A good piece except for this ridiculous comment: “I think his dietary practices—lots of burgers and Cokes—are excellent. In short, I’m a fan.” I’m not going to rant about this part of Buffett’s mythology. Perhaps his true superpower is to remained healthy despite an unhealthy diet (but who knows what he really eats at home).
Gates was reluctant to meet with Buffett:
“Whenever somebody says to me, “Meet so-and-so; he’s the smartest guy ever” or “You’ve got to meet my friend so-and-so; he’s the best at such and such,” my defenses go up. … Everybody wants to know someone or something superlative. As a result, people overestimate the merit of that to which they’ve been exposed. So the fact that people called Warren Buffett unique didn’t impress me much.”
“What were he and I supposed to talk about, P/E ratios?”
What won him over? Buffett’s curiosity and ability to teach and tell stories.
“When I arrived, Warren and I began talking about how the newspaper business was being changed by the arrival of retailers who did less advertising. Then he started asking me about IBM: “If you were building IBM from scratch, how would it look different? What are the growth businesses for IBM? What has changed for them?”
He asked good questions and told educational stories. There’s nothing I like so much as learning, and I had never met anyone who thought about business in such a clear way
When you are with Warren, you can tell how much he loves his work. It comes across in many ways. When he explains stuff, it’s never “Hey, I’m smart about this and I’m going to impress you.” It’s more like “This is so interesting and it’s actually very simple. I’ll just explain it to you and you’ll realize how dumb it was that it took me a long time to figure it out.” And when he shares it with you, using his keen sense of humor to help make the point, it does seem simple.”
Perhaps I was wrong about the Reading Obsession😂
“One habit of Warren’s that I admire is that he keeps his schedule free of meetings. He’s good at saying no to things. He knows what he likes to do—and what he does, he does unbelievably well. He likes to sit in his office and read and think. There are a few things he’ll do beyond that, but not many.”
The last quote reminded me of the time Gates explained to Buffett and his friends that “Kodak is toast,” long before digital photography took off.
“Warren stays away from technology companies because he likes investments in which he can predict winners a decade in advance—an almost impossible feat when it comes to technology. Unfortunately for Warren, the world of technology knows no boundaries.”
“Everything in finance is data within the context of expectations. One of the biggest shifts of the last century happened when the economic winds began blowing in a different, uneven direction, but people’s expectations were still rooted in a post-war culture of equality. Not necessarily equality of income, although there was that. But equality in lifestyle and consumption expectations."
“Sharp inequality became a force over the last 35 years, and it happened when, culturally, Americans held onto two ideas rooted in the post-WW2 economy: That you should live a lifestyle similar to most other Americans, and that taking on debt to finance that lifestyle is acceptable."
“Rising incomes among a small group of Americans led to that group breaking away in lifestyle. And everyone else was watching – fueled by Madison Avenue and the internet. The lifestyles of a small portion of legitimately rich Americans inflated the aspirations of the majority of Americans, whose incomes weren’t rising."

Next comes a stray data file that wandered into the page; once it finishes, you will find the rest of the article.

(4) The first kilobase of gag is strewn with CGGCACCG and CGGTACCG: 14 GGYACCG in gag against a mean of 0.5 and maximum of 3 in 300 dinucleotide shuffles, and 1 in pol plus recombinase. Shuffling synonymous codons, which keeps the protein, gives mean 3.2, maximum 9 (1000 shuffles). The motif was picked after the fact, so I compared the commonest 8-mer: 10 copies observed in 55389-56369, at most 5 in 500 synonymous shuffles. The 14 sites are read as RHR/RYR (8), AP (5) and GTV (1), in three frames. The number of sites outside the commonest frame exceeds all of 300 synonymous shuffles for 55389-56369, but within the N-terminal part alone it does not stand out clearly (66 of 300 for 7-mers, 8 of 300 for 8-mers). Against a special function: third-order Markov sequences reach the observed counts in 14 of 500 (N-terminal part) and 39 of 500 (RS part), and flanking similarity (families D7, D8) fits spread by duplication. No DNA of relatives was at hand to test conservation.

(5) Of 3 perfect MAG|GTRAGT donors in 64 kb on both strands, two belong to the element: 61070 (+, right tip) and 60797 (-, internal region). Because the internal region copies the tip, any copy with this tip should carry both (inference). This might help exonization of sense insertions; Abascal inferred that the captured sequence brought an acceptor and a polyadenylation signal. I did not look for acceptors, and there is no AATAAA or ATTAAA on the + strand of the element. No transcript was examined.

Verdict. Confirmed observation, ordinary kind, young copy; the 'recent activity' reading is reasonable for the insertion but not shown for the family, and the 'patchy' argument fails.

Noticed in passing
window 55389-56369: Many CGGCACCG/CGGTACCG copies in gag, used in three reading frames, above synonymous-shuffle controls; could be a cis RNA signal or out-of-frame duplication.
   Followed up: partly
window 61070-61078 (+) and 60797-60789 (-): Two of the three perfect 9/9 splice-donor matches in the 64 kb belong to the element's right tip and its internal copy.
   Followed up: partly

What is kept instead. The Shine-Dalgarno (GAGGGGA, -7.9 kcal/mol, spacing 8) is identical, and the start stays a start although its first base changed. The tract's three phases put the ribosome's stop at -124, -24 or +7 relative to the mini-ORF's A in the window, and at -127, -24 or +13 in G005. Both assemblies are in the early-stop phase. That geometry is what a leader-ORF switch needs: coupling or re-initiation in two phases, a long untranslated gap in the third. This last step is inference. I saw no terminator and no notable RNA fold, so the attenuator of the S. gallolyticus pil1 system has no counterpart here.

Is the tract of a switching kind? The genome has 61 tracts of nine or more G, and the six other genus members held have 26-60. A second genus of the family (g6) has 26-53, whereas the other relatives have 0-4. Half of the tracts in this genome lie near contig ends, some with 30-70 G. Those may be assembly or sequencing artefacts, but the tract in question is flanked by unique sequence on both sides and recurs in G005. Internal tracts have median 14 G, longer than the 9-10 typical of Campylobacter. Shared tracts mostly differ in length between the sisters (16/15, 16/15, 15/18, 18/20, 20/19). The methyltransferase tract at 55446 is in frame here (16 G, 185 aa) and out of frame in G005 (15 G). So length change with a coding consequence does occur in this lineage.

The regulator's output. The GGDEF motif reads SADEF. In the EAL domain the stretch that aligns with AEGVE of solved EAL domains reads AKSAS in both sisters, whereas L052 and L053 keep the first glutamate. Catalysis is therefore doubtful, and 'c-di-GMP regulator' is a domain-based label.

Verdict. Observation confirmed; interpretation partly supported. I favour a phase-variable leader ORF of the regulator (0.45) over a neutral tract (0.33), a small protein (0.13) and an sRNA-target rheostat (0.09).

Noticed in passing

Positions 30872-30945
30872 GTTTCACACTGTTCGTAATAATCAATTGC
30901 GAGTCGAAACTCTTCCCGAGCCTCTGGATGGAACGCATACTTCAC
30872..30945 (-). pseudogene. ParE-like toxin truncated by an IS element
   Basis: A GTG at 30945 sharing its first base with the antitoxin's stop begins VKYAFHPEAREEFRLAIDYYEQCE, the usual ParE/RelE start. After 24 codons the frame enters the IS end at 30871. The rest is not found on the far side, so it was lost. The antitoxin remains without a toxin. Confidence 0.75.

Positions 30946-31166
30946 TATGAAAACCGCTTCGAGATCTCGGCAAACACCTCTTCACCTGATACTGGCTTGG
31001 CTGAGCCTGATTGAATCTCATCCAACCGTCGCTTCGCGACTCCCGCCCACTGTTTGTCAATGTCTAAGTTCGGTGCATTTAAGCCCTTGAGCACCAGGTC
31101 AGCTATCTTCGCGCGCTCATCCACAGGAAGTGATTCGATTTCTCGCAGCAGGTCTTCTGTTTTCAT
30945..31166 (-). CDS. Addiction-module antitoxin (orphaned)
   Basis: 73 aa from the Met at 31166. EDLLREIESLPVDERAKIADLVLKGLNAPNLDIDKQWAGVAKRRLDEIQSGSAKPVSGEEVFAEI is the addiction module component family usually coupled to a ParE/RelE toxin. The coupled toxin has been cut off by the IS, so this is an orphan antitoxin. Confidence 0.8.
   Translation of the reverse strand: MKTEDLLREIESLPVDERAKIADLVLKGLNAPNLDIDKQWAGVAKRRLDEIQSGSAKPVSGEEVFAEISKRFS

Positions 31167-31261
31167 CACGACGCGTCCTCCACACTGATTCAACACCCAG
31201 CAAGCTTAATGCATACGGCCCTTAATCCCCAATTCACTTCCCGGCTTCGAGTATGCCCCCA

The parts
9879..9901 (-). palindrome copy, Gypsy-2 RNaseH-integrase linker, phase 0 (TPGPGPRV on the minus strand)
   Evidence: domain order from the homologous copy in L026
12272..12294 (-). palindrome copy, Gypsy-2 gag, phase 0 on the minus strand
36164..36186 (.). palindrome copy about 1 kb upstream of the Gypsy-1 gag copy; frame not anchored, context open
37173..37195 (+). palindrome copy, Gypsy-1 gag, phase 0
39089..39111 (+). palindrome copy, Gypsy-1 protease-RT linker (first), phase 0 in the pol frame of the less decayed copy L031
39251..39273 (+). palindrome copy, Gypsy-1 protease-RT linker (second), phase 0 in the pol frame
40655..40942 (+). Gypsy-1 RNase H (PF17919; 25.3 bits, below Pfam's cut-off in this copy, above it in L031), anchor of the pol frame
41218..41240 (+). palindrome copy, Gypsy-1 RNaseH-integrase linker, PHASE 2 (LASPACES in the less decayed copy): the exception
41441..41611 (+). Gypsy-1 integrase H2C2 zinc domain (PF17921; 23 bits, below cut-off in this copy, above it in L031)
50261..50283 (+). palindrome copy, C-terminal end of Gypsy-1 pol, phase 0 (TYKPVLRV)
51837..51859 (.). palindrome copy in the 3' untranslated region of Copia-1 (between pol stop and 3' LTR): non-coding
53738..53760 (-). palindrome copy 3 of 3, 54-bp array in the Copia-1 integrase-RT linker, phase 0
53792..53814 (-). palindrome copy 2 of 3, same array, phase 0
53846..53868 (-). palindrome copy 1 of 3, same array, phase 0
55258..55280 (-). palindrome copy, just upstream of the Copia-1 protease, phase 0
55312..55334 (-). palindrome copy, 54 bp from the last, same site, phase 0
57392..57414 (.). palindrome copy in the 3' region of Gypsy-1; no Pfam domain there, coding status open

An excellent interview with Mauboussin who just published an updated version of Expectations Investing, the book he had written with his mentor Al Rappaport. It’s amazing to see how, decades later, Mauboussin’s work still rests on foundational insights by Rappaport.
“Al spoke about three things that have become central to my work. First: it’s all about cash — not accounting numbers. This resonated with me because I saw how my father worked. Second: though they tend to be treated separately, valuation and competitive strategy have to be considered together. One can’t do a thoughtful valuation without understanding a company’s competitive positioning within its industry, and the litmus test of a successful strategy is that it creates value. Third: the stock market provides a useful signal for managers. As an executive, it’s important to know what expectations are priced into your stock to allow you to make better capital allocation decisions.
“In the 1990s, venerable value investor Bill Miller introduced me to the Santa Fe Institute … This place has had a huge impact on the way I think about markets and company performance.”
“When you look at really good forecasters and try to understand what they’re doing that makes them good, there are three possibilities. They’re less biased, they have better information, or they’re less susceptible to noise. … The relative importance of noise versus bias was an eye opener. There are typically just two or three things that are extremely important to get right for an investment to work well. The key is to figure out, and focus on, what really drives value.”
This piece is overly broad, lumping “SPACs, crypto, penny stocks, NFTs, overpriced growth stocks” together. But it makes two valid points: enthusiasm is driving prices of many assets. And owners of those assets compete for continued enthusiasm and attention with the shiny new things. And, as I wrote in Squid Game, investing / speculation and entertainment / gaming are blending together. And much like speculative assets, few games enjoy enduring popularity.
“Someone bought something early. Word spreads about that thing on the internet. Despite no change in the underlying asset, its price skyrockets as interest increases. Price is now fully dependent on this interest. People with a massive stake in these assets know that their net worth is tied to the hype behind their investment. No wonder “seller bullying” has become so popular online. Parabolic price increases are followed by parabolic decreases, and the parabola is fueled by hype. If interest dissipates, that parabola inverts.”
“The cool thing about decentralization is that there’s no one to protect you from getting wrecked. How are regulators supposed to keep track of this Pandora’s Box of alternative investments? They can’t.”
“Markets used to be open 9:30 AM to 4:00 PM, Monday to Friday. Now you can trade 24/7. And even if you do step away from the markets themselves, you can’t avoid the commentary. Thanks to Twitter, Reddit, and Discord, the divide between entertainment and investment no longer exists. Speculation has always been part of human nature, but financial speculation has never been so accessible.”